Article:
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Easy Basics: Project 026a PIR sensor HC - SR 501 or HC - SR 505 , LEDs - motion detection system

of Acoptex.com in UNO

Basics: Project 026a

Project name: PIR sensor HC - SR 501 or HC - SR 505, LEDs - motion detection system

Attachments: sketch1, sketch 2,

In this project, you needed these parts :

1.Aruduino Uno R3 (you can also use the other version of Arduino)

2.Arduino IDE ( you can download it from here  )

3.Jumper cables

4. LED 2 pcs (colors - red,green)

5. Resistor 2 pcs (220 Ohm each)

6. Breadboard

7. PIR sensor HC - SR 501 or HC - SR 505 1 pc

General

We will learn about PIR sensor and how to connect PIR sensor and LEDs to Arduino board to make a simple motion detection system.

Understanding the PIR sensor

They are often referred to as PIR, "Passive Infrared", "Pyroelectric", or "IR motion" sensors.

The PIR sensor itself has two slots in it, each slot is made of a special material that is sensitive to IR. The lens used here is not really doing much and so we see that the two slots can 'see' out past some distance (basically the sensitivity of the sensor). When the sensor is idle, both slots detect the same amount of IR, the ambient amount radiated from the room or walls or outdoors. When a warm body like a human or animal passes by, it first intercepts one half of the PIR sensor, which causes a positive differential change between the two halves. When the warm body leaves the sensing area, the reverse happens, whereby the sensor generates a negative differential change. These change pulses are what is detected.

That’s where the name of the sensor comes from, a Passive Infra-Red sensor. And the term “passive” means that sensor is not using any energy for detecting purposes, it just works by detecting the energy given off by the other objects.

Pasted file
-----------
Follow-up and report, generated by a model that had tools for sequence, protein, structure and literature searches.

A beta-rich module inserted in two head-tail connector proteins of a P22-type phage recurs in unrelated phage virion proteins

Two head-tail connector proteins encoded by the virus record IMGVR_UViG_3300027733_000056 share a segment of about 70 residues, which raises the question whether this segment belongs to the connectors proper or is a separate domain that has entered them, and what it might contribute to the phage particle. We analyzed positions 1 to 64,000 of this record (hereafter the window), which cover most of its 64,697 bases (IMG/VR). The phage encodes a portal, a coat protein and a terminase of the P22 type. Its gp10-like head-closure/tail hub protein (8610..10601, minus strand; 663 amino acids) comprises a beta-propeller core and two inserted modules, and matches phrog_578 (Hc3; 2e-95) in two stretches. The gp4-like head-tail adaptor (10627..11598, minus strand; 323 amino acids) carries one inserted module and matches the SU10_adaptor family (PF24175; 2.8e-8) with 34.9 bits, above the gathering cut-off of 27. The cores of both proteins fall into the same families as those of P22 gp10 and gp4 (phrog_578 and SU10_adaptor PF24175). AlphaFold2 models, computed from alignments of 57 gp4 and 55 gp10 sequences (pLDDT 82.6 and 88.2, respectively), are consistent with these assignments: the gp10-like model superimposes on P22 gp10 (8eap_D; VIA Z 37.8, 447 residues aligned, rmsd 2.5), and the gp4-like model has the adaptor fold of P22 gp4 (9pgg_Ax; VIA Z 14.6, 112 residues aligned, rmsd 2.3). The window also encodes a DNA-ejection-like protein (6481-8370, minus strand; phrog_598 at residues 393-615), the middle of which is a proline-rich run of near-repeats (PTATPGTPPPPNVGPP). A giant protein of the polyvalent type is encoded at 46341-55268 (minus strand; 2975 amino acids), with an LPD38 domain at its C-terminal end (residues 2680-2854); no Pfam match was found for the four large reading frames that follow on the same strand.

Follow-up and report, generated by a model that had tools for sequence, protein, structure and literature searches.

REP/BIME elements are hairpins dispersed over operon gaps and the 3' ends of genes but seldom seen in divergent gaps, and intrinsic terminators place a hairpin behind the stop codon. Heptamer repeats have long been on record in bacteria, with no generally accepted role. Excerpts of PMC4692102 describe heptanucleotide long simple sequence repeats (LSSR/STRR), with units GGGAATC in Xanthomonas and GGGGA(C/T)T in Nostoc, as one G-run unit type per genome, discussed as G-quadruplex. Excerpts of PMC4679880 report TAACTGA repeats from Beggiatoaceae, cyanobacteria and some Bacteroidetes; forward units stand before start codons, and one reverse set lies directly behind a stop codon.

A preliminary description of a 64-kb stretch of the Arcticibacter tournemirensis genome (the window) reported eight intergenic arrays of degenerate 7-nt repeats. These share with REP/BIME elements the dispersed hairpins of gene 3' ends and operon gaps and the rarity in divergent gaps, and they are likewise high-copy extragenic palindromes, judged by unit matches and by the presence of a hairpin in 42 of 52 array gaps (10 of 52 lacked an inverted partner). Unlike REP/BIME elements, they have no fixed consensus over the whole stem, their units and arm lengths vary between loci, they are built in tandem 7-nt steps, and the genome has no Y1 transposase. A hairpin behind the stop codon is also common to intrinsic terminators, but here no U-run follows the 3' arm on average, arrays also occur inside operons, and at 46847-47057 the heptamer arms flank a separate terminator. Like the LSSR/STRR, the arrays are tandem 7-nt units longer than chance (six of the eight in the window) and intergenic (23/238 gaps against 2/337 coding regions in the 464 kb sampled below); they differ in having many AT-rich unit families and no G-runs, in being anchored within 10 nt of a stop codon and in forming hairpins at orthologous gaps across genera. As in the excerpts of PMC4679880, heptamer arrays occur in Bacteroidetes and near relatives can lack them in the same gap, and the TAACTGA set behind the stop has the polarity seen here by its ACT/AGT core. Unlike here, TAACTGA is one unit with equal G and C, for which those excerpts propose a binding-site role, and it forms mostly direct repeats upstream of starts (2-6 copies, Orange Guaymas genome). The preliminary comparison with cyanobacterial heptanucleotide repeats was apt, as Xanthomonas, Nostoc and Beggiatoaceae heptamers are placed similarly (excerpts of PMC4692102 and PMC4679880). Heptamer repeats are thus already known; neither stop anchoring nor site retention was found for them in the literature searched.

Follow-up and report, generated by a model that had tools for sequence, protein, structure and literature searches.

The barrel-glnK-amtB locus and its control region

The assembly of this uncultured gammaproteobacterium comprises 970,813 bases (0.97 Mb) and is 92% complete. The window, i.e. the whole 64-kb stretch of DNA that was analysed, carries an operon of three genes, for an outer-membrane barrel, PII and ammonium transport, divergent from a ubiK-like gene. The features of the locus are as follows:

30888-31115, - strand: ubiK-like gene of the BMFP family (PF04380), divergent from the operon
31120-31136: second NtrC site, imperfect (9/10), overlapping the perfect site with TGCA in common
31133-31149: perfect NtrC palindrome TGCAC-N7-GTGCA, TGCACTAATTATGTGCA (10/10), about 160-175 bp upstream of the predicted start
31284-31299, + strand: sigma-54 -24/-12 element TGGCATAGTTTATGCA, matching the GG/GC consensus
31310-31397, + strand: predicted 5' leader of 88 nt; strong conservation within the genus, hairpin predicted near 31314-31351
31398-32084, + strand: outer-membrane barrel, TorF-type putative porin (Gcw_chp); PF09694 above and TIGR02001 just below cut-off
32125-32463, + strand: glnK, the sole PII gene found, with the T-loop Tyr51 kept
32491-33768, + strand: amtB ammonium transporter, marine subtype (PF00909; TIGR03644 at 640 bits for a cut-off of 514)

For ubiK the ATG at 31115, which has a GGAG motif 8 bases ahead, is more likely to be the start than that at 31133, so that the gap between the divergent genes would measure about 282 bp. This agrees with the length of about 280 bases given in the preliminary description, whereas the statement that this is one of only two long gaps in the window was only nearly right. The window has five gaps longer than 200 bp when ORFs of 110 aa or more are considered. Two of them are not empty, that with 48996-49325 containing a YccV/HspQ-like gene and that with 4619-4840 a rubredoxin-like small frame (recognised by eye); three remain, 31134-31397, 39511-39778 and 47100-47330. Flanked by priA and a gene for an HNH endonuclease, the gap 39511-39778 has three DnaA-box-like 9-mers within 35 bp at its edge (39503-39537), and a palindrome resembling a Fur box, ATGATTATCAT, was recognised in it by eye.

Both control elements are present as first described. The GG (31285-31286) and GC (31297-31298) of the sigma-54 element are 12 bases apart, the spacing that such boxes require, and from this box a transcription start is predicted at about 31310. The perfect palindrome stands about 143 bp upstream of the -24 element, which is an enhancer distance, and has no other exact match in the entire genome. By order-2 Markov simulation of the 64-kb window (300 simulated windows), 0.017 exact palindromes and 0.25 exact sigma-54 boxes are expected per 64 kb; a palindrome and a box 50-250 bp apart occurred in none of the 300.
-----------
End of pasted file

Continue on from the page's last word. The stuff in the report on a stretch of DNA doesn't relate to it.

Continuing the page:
PIRs are basically made of a pyroelectric sensor (which you can see above as the round metal can with a rectangular crystal in the center), which can detect levels of infrared radiation. Everything emits some low level radiation, and the hotter something is, the more radiation is emitted. The sensor in a motion detector is actually split in two halves. The reason for that is that we are looking to detect motion (change) not average IR levels. The two halves are wired up so that they cancel each other out. If one half sees more or less IR radiation than the other, the output will swing high or low.

The module consists a specially designed cover named Fresnel lens, which focuses the infrared signals onto the pyroelectric sensor.

The module has three more pins with a jumper between two of them. These pins are for selecting the trigger modes. The first one is called “non-repeatable trigger” and works like this: when the sensor output is high and the delay time is over, the output will automatically change from high to low level. The other mode called “repeatable trigger” will keep the output high all the time until the detected object is present in sensor’s range.

The module has three more pins with a jumper between two of them. These pins are for selecting the trigger modes. The first one is called “non-repeatable trigger” and works like this: when the sensor output is high and the delay time is over, the output will automatically change from high to low level. The other mode called “repeatable trigger” will keep the output high all the time until the detected object is present in sensor’s range.

You can find a typical PIR sensor datasheet here.

Signals and connections of the PIR sensor